Advice On Keeping Your Parrot Safe

So what can we do to try to reduce this tragic situation? Here are some tips to consider:

First, be aware that your bird can fly. This might sound obvious but we know of cases where parrots have been in the family for years and have never flown until one day, they suddenly take off.

Never leave any external windows or doors open, which will allow a bird its freedom.  In hot weather, keep the bird in its cage before opening windows.  In many houses the only point of exit is through a conservatory patio door.  A high number of lost birds escape this way, so do not have loose birds in this area.

One simple, cheap and easy form of prevention is to make up some well fitting mesh panels to fit the openings of doors and windows, allowing for the flow of air and providing security for the bird.

Many owners allow a parrot free range of the house so before the cage door is opened, contain it in one room and check the whole property for any insecurities.

Parrots get out when you least expect it.  When a door is unexpectedly opened, they can be over your shoulder and gone in a flash! These are the most common causes of escape.  Consider pinning a notice up on the inside of the doors for example, 'Think Parrot'!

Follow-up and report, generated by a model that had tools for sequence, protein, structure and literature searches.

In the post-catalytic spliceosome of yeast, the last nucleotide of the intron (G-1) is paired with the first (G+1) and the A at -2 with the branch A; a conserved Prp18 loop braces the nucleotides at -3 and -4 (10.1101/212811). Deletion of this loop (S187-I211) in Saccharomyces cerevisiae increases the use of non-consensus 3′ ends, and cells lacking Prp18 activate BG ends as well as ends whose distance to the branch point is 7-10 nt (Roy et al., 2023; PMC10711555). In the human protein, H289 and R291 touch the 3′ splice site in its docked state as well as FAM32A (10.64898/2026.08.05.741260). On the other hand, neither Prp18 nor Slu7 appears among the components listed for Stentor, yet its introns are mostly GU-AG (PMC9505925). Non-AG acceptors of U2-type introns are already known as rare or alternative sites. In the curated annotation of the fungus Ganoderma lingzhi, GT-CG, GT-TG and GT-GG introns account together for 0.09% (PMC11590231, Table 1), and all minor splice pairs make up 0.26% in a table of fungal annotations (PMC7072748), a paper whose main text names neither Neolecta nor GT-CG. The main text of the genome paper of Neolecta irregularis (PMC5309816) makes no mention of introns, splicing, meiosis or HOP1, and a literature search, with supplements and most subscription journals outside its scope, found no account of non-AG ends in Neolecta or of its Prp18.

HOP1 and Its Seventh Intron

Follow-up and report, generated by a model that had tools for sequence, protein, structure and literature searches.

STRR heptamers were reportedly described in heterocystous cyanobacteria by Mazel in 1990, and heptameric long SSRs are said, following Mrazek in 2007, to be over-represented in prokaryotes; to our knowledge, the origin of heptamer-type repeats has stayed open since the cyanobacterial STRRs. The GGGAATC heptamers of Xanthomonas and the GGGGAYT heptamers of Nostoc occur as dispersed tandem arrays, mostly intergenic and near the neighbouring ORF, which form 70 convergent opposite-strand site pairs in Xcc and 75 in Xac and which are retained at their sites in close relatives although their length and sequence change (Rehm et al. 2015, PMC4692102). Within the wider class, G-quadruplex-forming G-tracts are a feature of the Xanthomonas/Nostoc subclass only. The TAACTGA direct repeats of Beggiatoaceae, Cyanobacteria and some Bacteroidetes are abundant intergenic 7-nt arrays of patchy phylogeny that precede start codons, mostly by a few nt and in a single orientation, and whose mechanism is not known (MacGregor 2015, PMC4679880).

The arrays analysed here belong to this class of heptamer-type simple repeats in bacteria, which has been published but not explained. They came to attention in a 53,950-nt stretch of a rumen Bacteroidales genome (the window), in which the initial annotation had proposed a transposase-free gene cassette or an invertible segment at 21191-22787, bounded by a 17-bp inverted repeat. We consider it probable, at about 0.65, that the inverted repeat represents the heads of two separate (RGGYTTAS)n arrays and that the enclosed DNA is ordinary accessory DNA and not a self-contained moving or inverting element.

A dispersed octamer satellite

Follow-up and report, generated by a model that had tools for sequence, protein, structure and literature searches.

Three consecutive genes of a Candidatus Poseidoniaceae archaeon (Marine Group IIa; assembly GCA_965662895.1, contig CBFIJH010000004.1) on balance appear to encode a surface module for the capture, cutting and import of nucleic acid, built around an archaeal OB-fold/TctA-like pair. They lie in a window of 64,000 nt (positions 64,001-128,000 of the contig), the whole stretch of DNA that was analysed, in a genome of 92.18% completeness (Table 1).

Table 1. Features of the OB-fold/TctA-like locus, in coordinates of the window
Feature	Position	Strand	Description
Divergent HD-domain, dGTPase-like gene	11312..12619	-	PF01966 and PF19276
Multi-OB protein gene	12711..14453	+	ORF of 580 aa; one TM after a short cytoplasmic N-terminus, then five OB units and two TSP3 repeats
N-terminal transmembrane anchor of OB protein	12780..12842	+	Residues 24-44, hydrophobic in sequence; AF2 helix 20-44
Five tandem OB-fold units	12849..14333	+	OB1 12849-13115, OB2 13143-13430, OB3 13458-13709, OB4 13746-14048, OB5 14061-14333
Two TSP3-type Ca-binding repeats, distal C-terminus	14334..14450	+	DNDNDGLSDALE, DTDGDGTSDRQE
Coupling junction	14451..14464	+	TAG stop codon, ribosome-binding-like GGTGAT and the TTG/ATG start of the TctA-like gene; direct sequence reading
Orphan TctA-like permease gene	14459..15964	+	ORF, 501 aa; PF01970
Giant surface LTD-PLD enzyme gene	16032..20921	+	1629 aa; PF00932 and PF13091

When taking a bird out into the garden during the summer, always make sure the door or any other openings are padlocked and secure especially swing feeders.  Watch out for the cages with removable bases especially if dropped and do not leave the cage unattended whilst it is outside.  If you have a bird in a harness, be careful not to stumble and fall.  Many fly off with the harness attached.

Ensure the bird has positive means of ID if ever lost or stolen and photograph any unique features for future reference.  Rings and microchips are essential.

Finally we appeal to all breeders, dealers and suppliers to tell new parrot customers that their bird must be kept secure and that they can fly, even if wing clipped.

Source John Hayward (National Theft Register ) from the Parrot Magazine

 Prevent a Parrot Escaping

0845 838 7035

United Kingdom

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